An electrical leak is when electricity is flowing to or from an appliance in your home when it shouldn’t be. It can occur when electrical equipment is on or off, and is not always something that the circuit breakers will pick up on.
There are a number of reasons why this may be happening. Common causes include malfunctioning appliances (damaged or old wiring greatly increases the chances of a leak), bad connections or a short circuit. In all these situations, the leak will occur as the current flows from the wires it should be flowing through, to wiring or components that it shouldn’t be.
These leaks can be very dangerous. Some components and electrical wiring are only rated for certain amounts of electricity, and the threat of an electrical fire, electric shock and damage to appliances are all possibilities while current leakage is occurring. Furthermore, there are also financial repercussions of excess electricity usage.
You can identify an electrical leak through a process involving your electricity meter. It should be in the same place as the main switch. First, unplug all electrical devices in the house and turn off all the light switches. You will also need to shut off the power to the areas of the house using the circuit breakers on the switchboard.
Once you’ve done this, check the electricity meter. If the meter isn’t moving, it still doesn’t mean there isn’t a leak, but it’s a good sign. If it is moving, then you have a leak and need to call a licensed electrician immediately.
You will then need to switch a breaker on and see if the meter starts moving. With everything unplugged, it shouldn’t, and if it is you have an electrical leak. Do this for each breaker, as this will also tell you which circuit a leak is in.
However, if you have a digital meter, you will need to do this process a little differently. Instead of observing to see if it is moving, you will have to take a reading after unplugging everything and then wait before taking a second reading and comparing the two.
In addition to this lengthy procedure, there are also some telltale signs of current leakage that can be observed around the house and can act as a first warning.
Power cuts occur when the residual current device (RCD) detects unusual electrical activity in your house. The safety switch cuts off the electricity supply to prevent the possibility of harmful electrical shocks. If these power outages happen often and for seemingly no reason, it may be a sign that there is a potentially harmful leakage occurring somewhere in your home.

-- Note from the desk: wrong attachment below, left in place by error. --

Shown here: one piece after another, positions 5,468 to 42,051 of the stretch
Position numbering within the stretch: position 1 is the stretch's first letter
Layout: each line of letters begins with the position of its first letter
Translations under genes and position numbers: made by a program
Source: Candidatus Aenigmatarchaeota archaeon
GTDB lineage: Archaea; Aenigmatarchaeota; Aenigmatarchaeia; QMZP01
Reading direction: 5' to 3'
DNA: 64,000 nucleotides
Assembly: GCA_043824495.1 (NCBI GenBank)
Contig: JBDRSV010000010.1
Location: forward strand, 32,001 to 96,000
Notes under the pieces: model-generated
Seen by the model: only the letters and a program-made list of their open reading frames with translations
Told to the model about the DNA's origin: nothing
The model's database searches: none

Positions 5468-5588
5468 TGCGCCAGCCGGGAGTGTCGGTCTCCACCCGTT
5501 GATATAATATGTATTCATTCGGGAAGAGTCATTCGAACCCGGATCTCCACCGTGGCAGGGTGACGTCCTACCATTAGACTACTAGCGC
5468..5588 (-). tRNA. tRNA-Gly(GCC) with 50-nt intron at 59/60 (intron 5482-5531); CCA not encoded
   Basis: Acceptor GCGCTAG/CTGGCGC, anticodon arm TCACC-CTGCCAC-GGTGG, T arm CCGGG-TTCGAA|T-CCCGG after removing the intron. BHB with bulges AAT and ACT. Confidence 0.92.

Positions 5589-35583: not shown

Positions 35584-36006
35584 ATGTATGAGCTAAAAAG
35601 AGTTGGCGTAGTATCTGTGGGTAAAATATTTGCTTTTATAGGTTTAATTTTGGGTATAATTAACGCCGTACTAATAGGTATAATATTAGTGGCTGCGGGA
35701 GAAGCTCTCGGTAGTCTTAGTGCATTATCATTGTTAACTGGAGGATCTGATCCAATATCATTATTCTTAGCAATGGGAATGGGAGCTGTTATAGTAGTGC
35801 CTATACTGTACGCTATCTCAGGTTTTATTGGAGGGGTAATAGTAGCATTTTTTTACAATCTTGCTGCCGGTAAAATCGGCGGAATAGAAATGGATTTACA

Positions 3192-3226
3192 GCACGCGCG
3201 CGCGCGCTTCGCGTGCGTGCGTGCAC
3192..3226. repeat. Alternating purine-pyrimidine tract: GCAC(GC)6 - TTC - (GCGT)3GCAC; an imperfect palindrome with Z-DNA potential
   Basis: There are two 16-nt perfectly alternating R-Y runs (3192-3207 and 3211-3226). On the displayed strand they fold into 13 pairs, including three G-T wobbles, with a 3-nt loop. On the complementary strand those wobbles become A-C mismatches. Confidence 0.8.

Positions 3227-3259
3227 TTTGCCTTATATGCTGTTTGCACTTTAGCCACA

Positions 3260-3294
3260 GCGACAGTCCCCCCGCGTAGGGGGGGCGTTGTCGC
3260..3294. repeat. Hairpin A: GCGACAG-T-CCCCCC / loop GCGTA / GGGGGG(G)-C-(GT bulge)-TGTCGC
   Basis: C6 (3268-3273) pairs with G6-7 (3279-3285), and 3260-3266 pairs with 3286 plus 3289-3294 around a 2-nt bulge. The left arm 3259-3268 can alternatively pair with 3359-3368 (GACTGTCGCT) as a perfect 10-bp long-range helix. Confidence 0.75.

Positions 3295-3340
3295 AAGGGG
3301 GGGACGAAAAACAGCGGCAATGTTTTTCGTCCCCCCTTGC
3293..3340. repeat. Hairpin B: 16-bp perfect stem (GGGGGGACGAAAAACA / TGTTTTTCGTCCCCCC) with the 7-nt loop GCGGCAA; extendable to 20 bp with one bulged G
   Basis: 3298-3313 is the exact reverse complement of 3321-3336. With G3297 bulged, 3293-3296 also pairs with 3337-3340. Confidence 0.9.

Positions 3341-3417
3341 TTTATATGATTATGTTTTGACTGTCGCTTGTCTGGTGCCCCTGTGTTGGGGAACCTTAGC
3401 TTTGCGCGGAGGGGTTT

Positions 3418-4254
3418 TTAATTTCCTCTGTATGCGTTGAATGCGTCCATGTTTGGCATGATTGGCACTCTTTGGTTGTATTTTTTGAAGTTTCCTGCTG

All houses in Western Australia are mandated to have at least two residual current devices installed. However, if yours are damaged or missing, call a licensed electrician immediately.
Because of the nature of leakage, electricity will be flowing to places where it shouldn’t be. Because of this you may experience electrical shocks when touching a device that leaks. These shocks might not be fatal, but they are far from benign. These leaks won’t be identified by the circuit breakers because the breakers are designed to protect the circuits against excess current.
In order to protect yourself from electric shocks from leaking devices, and most other types of electrical malfunctions, you will need an electrical safety switch installed on the circuit. These turn off the power if they detect any current leakage. If you don’t have them in your home, speak to your electrician today about having some installed.
Leakage will always involve more electricity being used than there should be. Your electricity bills will tell you your usage for the period in addition to the cost to you. You can use this to help determine if there is a leak by comparing them. If one of them is much higher than a previous one from the same period it is likely an indicator of an electrical leak.
Electrical wiring heats up as current flows through it. Most wires are insulated by a protective sheath that stops the transfer of heat or current to other components or wires. However, if this sheath is damaged and there is a leak, the heat will escape into the house.
Electrical safety is always very important, and you shouldn’t wait until there is a problem to address it. There are a number of things you can do to be proactive about preventing a leak.
1) Be aware of the telltale signs listed above and be on the lookout for them.
2) Do not settle for the bare minimum of protection. Your local electrician can install additional electrical safety switches for all your circuits if you don’t have them already.
3) Inspect your residual current device, earth leakage protection device and circuit breakers regularly for damage.
4) Purchase new appliances when old ones get damaged or worn out.
5) Have a licensed electrician periodically check your electricity system.
As with most electrical work, it isn’t a good idea to attempt repairs yourself. It is far safer to call your local residential electrician, who can confirm the leak and make repairs if necessary.
So if you suspect you have an electrical leak, or have any other electrical repairs in Perth that need doing, give Prime Time Electricians a call on 1300 356 200. Our friendly and experienced service people can identify and resolve any issues you may have with your electrical system.